On April 29, 1992—only twenty years ago today—Los Angeles saw the beginning of what would become a nearly week-long riot—the worst the city had seen since the 1965 Watts riots left 38 dead.
The 1992 riot—which left 58 individuals dead, more than 2,000 injured, 16,000 arrested, and $1 billion in property damage—was a response to the jury’s verdict in the case surrounding the controversial beating of Rodney King.
King, who had been drinking, engaged in a high-speed chase with Los Angeles police on the night of March 3, 1991. An amateur cameraman captured a video which showed four police officers beating, clubbing, and kicking King for over a minute while other officers watched; the video was shown repeatedly on television and came to symbolize racism and police brutality. The officers argued that they had acted in self-defense against an allegedly aggressive Rodney King.
On April 29, a jury (with no black jurors) acquitted the four white officers accused of beating King. The verdict immediately sparked anger and violence, including fires, looting, and beatings.
Los Angeles’s mayor, Tom Bradley, expressed concern over the verdict: “Today the system failed us. Today the jury told the world what we all saw with our own eyes wasn’t a crime … The jury’s verdict will never outlive the images of the savage beating.”
In the wake of widespread violence, a curfew was imposed and numerous arrests were made. Many rioters who were arrested were later released when police officers were unable to identify individuals within the large crowds brought in. The National Guard eventually restored order; schools and businesses reopened in early May.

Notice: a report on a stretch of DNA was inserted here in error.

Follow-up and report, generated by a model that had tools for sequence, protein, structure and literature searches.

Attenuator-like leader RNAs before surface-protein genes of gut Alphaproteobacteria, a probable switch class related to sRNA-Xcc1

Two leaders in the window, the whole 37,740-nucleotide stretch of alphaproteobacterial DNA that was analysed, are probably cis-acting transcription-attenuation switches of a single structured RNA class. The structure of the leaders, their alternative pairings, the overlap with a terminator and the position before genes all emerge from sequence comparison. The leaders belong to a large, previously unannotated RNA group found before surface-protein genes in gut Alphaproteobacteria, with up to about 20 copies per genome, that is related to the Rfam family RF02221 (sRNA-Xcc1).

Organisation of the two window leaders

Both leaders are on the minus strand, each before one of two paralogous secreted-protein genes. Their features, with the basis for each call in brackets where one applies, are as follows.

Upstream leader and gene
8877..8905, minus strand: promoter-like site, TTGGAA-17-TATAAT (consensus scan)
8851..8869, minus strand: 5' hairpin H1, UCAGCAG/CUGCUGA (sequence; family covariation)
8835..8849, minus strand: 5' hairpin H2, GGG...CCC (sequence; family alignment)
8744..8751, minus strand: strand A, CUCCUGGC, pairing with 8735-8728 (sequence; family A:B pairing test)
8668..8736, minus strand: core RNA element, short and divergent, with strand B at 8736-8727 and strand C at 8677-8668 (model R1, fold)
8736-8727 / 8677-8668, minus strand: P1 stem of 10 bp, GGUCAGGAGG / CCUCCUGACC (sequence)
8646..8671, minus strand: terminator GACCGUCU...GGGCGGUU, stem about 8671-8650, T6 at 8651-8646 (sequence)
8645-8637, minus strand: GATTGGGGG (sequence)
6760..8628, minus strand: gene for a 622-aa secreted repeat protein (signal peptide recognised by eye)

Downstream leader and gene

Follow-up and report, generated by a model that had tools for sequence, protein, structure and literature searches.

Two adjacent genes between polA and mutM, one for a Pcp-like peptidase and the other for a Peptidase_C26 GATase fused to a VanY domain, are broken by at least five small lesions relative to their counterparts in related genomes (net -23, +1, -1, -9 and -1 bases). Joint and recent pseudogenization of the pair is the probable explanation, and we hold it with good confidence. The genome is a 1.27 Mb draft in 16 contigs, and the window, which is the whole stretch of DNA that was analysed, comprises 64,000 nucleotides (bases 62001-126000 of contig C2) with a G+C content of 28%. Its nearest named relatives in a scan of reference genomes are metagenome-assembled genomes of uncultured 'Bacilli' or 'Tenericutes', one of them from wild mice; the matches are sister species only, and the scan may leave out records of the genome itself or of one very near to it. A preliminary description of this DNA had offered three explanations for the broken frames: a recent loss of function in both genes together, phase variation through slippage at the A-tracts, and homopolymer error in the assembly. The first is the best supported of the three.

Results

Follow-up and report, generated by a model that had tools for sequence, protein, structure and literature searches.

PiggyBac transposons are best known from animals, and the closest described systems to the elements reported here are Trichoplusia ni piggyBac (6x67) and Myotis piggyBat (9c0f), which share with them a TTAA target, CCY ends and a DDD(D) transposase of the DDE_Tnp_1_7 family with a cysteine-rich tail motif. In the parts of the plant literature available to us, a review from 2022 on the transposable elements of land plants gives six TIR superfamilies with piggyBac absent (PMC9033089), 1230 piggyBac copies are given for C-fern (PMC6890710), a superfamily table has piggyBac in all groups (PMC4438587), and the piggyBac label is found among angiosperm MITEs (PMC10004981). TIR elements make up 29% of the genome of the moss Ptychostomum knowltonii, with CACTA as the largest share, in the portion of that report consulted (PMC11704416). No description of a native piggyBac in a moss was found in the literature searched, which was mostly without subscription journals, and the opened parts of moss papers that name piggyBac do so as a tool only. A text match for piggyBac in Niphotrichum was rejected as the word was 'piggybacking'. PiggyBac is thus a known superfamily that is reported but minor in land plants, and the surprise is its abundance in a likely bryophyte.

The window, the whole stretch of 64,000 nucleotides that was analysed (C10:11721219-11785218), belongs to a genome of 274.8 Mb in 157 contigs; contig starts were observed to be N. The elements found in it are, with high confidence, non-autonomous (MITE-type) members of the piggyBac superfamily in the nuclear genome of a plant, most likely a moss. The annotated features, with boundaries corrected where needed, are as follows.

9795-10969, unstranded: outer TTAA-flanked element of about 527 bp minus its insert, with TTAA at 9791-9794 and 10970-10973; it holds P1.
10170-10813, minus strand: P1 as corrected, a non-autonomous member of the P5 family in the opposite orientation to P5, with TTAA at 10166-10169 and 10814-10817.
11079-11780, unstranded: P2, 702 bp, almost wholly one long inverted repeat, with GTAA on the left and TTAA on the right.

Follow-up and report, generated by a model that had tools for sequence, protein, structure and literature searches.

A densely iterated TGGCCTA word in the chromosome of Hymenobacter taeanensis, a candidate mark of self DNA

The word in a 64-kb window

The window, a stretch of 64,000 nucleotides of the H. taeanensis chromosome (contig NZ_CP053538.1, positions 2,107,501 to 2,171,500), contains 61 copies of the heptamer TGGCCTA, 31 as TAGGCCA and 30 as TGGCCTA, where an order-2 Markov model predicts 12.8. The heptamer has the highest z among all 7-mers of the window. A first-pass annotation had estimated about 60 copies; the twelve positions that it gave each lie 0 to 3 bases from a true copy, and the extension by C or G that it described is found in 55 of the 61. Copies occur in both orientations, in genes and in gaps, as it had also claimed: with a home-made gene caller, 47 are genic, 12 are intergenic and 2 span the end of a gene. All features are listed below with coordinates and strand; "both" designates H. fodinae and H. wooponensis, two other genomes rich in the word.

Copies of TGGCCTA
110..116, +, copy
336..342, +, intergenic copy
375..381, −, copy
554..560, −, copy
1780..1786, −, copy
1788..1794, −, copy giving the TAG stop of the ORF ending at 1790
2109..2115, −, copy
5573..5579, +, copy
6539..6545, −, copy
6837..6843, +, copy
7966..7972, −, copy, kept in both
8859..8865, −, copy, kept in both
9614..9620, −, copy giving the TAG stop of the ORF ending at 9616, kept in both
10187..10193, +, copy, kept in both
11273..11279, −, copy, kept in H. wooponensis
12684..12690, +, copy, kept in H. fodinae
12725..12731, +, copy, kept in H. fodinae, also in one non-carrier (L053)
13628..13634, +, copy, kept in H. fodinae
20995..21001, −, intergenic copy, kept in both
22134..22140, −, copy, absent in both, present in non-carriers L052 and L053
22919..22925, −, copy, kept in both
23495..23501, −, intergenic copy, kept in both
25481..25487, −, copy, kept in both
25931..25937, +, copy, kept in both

President Bush toured the destruction several days later; members of both political parties urged him to improve economic conditions for poor African Americans.
A year after the riot, the four previously acquitted officers went to trial for a second time, facing federal charges of violating King’s civil rights. Two were found guilty and sentenced to two-and-a-half years in jail; two were cleared. Each of the four either quit or was fired from the LAPD.
King was eventually awarded $3.8 million in damages. He has since faced several arrests and continues to battle alcoholism. His beating, the officers’ trials, and the days-long riot stand today as a reminder that racial violence is still very much a part of America’s story—and his oft-repeated question “Can’t we all get along?” still rings true, twenty years later.